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Citroën introduces first members of new 3-cylinder gasoline engine family; 1.0L and 1.2L PureTech reduce fuel consumption about 25%

11 December 2012

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PureTech 3-cylinder engine. Click to enlarge.

Citroën is introducing the first members of its new PureTech family of three-cylinder gasoline engines on the C3, DS3 and C-Elysée (for international markets) ranges. The PureTech engines offer equivalent or better power compared with the previous generation powerplants, combined with significantly lower fuel consumption and greenhouse gas emissions, down by roughly 25%.

Citroën developed two different capacity versions: 1.0-liter and 1.2 liter with power ranging from 68 hp to 82 hp (50 to 60 kW). Depending on the model and the tires fitted, combined cycle fuel consumption for the new family is between 4.3 and 4.6 l/100 km (51.1 to 54.7 mpg US) and CO2 emissions range from 99 to 107 g/km.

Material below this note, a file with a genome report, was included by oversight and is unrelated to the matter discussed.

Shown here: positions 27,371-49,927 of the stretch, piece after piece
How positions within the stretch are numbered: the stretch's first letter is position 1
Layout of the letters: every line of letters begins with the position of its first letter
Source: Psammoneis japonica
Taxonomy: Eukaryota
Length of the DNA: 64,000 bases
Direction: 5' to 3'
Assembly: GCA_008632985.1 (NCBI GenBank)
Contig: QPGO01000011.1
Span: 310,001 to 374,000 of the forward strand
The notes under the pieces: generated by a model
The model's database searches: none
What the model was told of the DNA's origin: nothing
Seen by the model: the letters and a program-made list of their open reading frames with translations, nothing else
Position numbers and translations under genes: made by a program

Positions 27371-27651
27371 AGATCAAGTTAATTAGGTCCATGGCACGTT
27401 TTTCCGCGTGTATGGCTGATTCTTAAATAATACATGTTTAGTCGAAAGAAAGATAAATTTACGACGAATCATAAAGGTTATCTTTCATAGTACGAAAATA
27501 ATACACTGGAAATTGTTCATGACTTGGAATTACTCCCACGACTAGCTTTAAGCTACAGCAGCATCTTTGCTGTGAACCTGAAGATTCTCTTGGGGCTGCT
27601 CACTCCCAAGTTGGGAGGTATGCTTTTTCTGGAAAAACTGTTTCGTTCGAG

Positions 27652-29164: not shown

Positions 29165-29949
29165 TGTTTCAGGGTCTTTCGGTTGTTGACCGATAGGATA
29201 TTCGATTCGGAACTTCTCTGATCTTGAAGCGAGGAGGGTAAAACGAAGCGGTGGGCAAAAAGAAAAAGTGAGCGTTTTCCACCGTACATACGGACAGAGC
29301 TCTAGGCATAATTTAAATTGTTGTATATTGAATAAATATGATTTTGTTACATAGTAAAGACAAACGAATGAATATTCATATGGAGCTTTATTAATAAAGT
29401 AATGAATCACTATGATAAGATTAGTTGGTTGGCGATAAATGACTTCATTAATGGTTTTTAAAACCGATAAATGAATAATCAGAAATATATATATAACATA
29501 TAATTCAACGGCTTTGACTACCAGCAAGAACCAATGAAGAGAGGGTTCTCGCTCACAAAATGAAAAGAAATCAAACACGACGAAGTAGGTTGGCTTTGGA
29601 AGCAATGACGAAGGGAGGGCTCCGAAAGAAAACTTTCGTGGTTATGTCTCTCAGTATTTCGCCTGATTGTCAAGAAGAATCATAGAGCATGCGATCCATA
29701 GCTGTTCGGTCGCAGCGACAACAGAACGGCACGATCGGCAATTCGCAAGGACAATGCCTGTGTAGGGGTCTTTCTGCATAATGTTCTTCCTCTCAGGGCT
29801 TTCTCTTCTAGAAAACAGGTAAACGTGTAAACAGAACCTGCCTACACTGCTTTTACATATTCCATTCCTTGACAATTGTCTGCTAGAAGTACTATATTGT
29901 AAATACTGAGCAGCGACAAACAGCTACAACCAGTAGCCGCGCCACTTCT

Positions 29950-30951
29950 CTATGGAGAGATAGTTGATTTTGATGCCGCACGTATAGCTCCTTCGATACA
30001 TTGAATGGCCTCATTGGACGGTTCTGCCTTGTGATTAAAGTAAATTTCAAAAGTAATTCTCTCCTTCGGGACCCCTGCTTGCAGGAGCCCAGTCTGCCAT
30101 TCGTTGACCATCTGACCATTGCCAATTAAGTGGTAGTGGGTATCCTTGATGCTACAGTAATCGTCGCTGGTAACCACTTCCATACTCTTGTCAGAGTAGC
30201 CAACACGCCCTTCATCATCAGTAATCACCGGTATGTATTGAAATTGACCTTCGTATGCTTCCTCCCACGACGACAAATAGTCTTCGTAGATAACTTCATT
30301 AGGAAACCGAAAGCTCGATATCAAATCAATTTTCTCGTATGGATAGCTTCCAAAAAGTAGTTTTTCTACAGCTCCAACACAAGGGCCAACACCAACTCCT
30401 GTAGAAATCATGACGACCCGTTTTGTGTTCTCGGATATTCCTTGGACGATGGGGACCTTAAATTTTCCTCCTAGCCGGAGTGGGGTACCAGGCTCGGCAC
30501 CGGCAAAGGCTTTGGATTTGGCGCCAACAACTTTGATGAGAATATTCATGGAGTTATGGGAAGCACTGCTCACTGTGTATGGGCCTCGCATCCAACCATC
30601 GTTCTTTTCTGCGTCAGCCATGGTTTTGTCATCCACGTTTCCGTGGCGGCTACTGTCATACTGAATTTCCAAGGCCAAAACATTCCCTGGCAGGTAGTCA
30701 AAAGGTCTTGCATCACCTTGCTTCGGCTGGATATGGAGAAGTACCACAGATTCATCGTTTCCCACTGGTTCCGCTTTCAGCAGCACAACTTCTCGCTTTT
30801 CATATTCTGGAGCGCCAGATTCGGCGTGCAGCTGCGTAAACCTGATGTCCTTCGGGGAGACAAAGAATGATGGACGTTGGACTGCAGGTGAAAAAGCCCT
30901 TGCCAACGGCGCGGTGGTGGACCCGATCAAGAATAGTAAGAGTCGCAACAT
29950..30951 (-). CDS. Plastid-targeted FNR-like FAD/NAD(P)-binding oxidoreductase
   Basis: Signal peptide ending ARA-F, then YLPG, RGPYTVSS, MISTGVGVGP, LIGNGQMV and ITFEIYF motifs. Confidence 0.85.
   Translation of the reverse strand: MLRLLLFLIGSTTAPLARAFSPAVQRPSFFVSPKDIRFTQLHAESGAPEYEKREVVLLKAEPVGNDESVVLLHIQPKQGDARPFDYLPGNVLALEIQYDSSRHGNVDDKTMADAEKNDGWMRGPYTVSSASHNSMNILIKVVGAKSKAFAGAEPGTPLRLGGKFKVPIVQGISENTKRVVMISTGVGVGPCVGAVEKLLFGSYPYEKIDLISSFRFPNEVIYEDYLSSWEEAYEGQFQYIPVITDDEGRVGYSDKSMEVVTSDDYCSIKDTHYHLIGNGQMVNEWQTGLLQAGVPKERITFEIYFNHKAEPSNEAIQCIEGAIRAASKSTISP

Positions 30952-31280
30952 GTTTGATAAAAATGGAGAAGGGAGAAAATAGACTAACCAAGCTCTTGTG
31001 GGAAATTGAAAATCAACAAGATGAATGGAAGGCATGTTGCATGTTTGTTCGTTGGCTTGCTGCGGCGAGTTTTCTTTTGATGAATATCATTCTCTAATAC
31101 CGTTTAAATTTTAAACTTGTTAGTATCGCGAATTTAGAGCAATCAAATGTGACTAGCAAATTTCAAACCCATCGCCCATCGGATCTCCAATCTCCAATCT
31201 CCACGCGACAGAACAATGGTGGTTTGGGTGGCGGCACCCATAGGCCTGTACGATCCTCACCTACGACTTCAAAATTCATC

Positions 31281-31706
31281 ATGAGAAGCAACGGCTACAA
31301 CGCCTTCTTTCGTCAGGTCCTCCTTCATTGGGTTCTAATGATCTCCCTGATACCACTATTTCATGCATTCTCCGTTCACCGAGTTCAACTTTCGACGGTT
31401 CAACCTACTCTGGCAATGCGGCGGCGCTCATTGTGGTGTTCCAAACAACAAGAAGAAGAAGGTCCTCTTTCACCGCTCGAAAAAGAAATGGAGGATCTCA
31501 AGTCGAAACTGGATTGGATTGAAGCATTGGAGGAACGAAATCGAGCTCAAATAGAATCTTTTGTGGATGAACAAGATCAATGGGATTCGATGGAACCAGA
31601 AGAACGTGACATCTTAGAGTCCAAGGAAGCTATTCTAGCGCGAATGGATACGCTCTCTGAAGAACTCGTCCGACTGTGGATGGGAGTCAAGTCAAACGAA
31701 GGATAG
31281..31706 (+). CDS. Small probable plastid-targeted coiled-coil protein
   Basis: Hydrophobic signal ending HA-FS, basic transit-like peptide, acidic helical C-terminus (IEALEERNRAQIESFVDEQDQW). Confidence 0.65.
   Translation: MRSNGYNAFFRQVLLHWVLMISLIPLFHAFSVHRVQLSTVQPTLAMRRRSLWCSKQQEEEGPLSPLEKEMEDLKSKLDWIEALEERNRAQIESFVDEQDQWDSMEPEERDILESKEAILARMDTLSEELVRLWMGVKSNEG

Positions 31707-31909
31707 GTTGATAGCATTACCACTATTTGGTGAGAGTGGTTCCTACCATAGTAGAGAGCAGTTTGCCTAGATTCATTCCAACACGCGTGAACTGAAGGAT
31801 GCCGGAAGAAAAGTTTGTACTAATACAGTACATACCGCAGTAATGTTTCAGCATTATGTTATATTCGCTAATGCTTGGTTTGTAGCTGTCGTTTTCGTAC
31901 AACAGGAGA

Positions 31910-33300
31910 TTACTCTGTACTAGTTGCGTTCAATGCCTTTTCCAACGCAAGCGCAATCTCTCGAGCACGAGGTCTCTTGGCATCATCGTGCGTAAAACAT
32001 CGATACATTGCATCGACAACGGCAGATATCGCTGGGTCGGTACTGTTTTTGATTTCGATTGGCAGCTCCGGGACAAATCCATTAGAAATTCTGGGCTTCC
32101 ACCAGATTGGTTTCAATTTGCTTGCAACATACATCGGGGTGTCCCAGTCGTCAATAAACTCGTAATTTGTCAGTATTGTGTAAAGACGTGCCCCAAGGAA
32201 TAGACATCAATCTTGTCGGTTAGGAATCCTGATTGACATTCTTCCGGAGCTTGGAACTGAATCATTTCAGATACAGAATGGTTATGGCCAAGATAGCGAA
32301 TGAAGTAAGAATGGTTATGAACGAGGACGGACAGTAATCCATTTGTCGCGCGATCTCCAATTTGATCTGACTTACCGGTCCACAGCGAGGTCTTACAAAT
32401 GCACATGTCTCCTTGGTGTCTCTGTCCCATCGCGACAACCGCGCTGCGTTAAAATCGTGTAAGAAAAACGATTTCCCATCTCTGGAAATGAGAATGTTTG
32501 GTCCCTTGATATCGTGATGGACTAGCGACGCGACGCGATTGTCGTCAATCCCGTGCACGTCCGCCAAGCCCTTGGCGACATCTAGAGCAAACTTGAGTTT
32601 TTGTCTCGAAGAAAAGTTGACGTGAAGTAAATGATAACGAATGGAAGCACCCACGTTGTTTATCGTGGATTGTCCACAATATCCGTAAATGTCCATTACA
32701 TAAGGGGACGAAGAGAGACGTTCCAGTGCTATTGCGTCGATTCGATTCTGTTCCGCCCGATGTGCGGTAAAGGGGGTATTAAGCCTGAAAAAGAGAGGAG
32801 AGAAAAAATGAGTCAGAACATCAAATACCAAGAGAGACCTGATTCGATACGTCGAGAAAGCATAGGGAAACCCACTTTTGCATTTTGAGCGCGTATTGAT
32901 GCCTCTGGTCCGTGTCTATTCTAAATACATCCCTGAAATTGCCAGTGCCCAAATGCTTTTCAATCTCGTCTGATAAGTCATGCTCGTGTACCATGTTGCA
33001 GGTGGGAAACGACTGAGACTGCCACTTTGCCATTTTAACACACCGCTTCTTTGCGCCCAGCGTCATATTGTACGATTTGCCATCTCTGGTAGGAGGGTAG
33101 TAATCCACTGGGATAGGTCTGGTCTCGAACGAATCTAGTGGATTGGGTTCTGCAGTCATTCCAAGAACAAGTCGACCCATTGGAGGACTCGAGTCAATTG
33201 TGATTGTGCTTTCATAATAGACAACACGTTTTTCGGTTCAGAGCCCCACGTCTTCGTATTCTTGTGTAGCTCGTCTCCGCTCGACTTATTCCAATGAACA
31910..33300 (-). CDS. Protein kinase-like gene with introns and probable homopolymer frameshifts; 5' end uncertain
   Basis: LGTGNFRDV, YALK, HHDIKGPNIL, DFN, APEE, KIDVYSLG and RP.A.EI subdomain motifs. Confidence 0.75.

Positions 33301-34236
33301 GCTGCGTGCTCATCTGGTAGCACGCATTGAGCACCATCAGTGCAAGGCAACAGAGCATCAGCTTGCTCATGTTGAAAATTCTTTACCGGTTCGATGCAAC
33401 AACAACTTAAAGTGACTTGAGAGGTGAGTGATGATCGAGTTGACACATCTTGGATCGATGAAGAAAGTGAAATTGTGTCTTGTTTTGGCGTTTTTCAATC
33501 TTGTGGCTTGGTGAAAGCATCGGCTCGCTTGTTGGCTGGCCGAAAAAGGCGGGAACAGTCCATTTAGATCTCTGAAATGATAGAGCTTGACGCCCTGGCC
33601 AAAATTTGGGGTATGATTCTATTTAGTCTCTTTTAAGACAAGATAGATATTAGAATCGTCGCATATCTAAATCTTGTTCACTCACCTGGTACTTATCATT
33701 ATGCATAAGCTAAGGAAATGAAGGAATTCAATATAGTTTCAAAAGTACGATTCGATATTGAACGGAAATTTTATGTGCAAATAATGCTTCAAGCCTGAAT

The design brief for the new-generation PureTech engines called for a clean break in powertrain development. The objective was to make substantial cuts in emissions and fuel consumption, and also to reduce the weight of the engines and to make them more compact. The specifications also stipulated a specific power of 50 kW per liter.

To achieve these results, PureTech development called for a number of changes, chief among which were:

  • Downsizing. To deliver at least the same performance as the previous generation, engine efficiency had to be improved to offset the reduction in the number of cylinders.

  • Three cylinders. A three-cylinder engine has a number of advantages over a four-cylinder powerplant, including reduced energy loss through friction, fewer moving parts, lower weight and more compact dimensions, all of which cut fuel consumption.

  • Reduced weight and more compact design. By reducing the number of cylinders, as well as redesigning several components, the weight loss compared with the previous engines is 25kg for the VTi 68 and 21 kg for the VTi 82, or more than 20% for assembled engines without accessories (alternators, starters, etc.).

    Using a special casting technique called investment casting, the cylinder heads, in lightweight alloy, feature a number of functions that limit weight and dimensions. The exhaust manifold is integrated directly in the cylinder head, which reduces the number of parts and overall weight. The cooling system outlet module and the upper engine support, both integrated, also figure among the parts that come directly out of casting at the Charleville foundry.